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Tips for Breastmilk Storage

by Whitney Poma |

As grownups, we take for-granted our ability to realize when something isn’t right.

Like when you reach into the fridge to pour the milk on your breakfast cereal only to realize that it doesn’t look or perhaps taste quite right. You pitch it and move on about your day without thinking twice that you just saved yourself from a day (or more!) of serious discomfort borne from spoiled milk. Unfortunately for your baby – they can’t do this for themselves which means that, as mamas, we have to make sure the breastmilk we’re providing is safe. 

Safety in your breastmilk begins with how its stored

and like most things breastfeeding, it can get out of hand quickly. Sometimes it even seems that expert resources differ on their recommendation about storing breastmilk. These differences can be explained by the differences that we have within our environments. Varying definitions of “room temp” and degree of “frozen” (Deep freeze? Upright freeze? Etc…) are just a couple of factors that lead to fluctuations in suggestion. Lastly – there’s also a difference between what’s the “ideal” way to store your milk and what’s an “okay” way to store your milk. “Ideal” would represent a storage method that yields the highest possible nutritional outcome where “okay” would still be safe for baby but some of the nutritional value of the milk may have been compromised.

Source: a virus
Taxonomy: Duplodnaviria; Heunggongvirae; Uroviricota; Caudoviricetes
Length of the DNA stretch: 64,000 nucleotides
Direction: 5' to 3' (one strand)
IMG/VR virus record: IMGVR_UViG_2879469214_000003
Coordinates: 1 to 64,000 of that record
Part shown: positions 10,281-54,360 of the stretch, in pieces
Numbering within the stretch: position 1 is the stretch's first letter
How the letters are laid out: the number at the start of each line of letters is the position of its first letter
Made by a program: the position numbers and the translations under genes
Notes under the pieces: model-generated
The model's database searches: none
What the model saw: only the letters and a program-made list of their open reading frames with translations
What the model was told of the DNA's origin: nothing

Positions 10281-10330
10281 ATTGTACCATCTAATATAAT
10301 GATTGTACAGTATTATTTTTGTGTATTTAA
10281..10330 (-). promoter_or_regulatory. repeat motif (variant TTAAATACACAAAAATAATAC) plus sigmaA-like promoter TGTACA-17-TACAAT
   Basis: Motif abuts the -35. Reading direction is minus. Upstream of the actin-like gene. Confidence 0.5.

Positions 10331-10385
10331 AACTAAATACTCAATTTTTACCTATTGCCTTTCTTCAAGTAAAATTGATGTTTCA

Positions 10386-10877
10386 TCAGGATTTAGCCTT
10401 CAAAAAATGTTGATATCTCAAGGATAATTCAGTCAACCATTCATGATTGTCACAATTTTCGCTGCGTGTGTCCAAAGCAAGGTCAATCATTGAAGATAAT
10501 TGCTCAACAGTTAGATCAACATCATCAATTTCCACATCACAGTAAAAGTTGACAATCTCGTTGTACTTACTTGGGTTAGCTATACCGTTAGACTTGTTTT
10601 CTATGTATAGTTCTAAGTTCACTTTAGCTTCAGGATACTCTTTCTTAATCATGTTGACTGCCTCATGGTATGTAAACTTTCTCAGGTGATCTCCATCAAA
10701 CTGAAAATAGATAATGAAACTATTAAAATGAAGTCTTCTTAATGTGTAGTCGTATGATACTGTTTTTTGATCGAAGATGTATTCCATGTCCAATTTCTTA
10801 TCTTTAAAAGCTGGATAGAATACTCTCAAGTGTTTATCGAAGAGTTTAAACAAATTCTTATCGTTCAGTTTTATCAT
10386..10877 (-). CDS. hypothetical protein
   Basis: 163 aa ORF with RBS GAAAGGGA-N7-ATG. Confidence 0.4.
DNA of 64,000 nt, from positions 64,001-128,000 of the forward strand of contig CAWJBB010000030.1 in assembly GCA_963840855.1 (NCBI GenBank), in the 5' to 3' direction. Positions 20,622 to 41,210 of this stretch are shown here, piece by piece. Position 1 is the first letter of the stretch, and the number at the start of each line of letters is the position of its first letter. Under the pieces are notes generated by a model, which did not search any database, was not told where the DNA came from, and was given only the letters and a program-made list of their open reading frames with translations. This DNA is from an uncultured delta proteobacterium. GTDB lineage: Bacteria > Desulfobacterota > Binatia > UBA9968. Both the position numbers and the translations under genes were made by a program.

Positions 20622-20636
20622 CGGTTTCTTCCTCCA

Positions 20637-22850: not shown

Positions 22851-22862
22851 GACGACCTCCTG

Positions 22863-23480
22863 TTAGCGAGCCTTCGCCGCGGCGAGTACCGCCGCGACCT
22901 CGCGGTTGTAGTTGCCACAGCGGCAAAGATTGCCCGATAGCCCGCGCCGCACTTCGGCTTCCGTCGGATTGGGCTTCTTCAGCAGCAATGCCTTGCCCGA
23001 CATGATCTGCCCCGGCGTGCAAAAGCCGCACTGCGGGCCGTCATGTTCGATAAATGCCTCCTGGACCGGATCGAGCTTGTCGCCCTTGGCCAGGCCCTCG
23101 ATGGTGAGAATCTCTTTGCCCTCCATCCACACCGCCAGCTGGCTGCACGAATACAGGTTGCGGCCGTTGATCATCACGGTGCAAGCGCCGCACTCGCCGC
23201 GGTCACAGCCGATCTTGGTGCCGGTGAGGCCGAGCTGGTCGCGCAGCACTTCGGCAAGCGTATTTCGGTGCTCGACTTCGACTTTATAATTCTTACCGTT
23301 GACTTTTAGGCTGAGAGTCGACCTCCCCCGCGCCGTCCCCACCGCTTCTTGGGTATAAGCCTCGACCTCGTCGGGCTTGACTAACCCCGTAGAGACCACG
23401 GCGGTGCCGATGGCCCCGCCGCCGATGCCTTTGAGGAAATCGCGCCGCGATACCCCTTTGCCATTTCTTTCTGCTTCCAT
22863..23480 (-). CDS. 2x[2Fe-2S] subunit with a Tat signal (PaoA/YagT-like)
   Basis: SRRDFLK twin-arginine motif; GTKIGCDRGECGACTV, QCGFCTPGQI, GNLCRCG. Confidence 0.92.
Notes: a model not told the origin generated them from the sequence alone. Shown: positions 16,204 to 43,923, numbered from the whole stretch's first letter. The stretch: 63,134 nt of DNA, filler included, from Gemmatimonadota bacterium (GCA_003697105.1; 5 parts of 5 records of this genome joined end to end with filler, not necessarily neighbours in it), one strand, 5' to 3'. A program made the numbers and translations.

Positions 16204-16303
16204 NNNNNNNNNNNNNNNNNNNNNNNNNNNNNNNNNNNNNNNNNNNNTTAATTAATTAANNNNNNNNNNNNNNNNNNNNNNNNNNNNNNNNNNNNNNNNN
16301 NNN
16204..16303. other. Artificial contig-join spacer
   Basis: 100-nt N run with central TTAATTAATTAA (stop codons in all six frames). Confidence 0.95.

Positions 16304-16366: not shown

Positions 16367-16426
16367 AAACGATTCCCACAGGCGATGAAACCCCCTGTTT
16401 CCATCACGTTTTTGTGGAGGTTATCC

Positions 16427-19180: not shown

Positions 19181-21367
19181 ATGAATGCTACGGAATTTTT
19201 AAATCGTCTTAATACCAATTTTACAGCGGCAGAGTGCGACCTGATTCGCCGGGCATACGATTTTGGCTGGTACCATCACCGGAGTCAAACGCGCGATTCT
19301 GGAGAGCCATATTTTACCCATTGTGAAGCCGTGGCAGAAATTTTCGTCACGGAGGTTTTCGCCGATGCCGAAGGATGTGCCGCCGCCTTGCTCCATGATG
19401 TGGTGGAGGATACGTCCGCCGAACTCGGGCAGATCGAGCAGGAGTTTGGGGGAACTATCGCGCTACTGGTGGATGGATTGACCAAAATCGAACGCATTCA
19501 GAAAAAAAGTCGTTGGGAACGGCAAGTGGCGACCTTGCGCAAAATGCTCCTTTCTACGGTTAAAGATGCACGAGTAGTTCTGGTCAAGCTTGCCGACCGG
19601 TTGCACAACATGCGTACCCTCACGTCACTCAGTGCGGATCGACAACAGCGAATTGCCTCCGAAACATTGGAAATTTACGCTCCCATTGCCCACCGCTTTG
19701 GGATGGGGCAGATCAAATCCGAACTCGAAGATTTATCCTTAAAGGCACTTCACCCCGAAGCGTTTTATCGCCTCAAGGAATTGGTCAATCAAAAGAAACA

To keep things simple, we've made this chart to help:

Breastmilk Storage Chart

Breastfeeding Storage and Handling Tips:

  1.  Wash your hands prior to handling breastmilk.
  2. Don't shake breastmilk as this can break down some of the nutrients it contains.
  3. Store in 1 - 4oz servings to avoid leftover waste after feeding.
  4. Use only food-grade, non-BPA storage containers for storing milk.
  5. Leave room in your storage containers when freezing since the breastmilk will expand during this process.
  6. Label your storage containers properly by marking the date of expression. Check with your childcare providers about their requirements for labeling.
  7. Never heat milk in a microwave or on the oven. This can create hot spots which could burn baby's mouth and deteriorate the nutritional value of the milk. 


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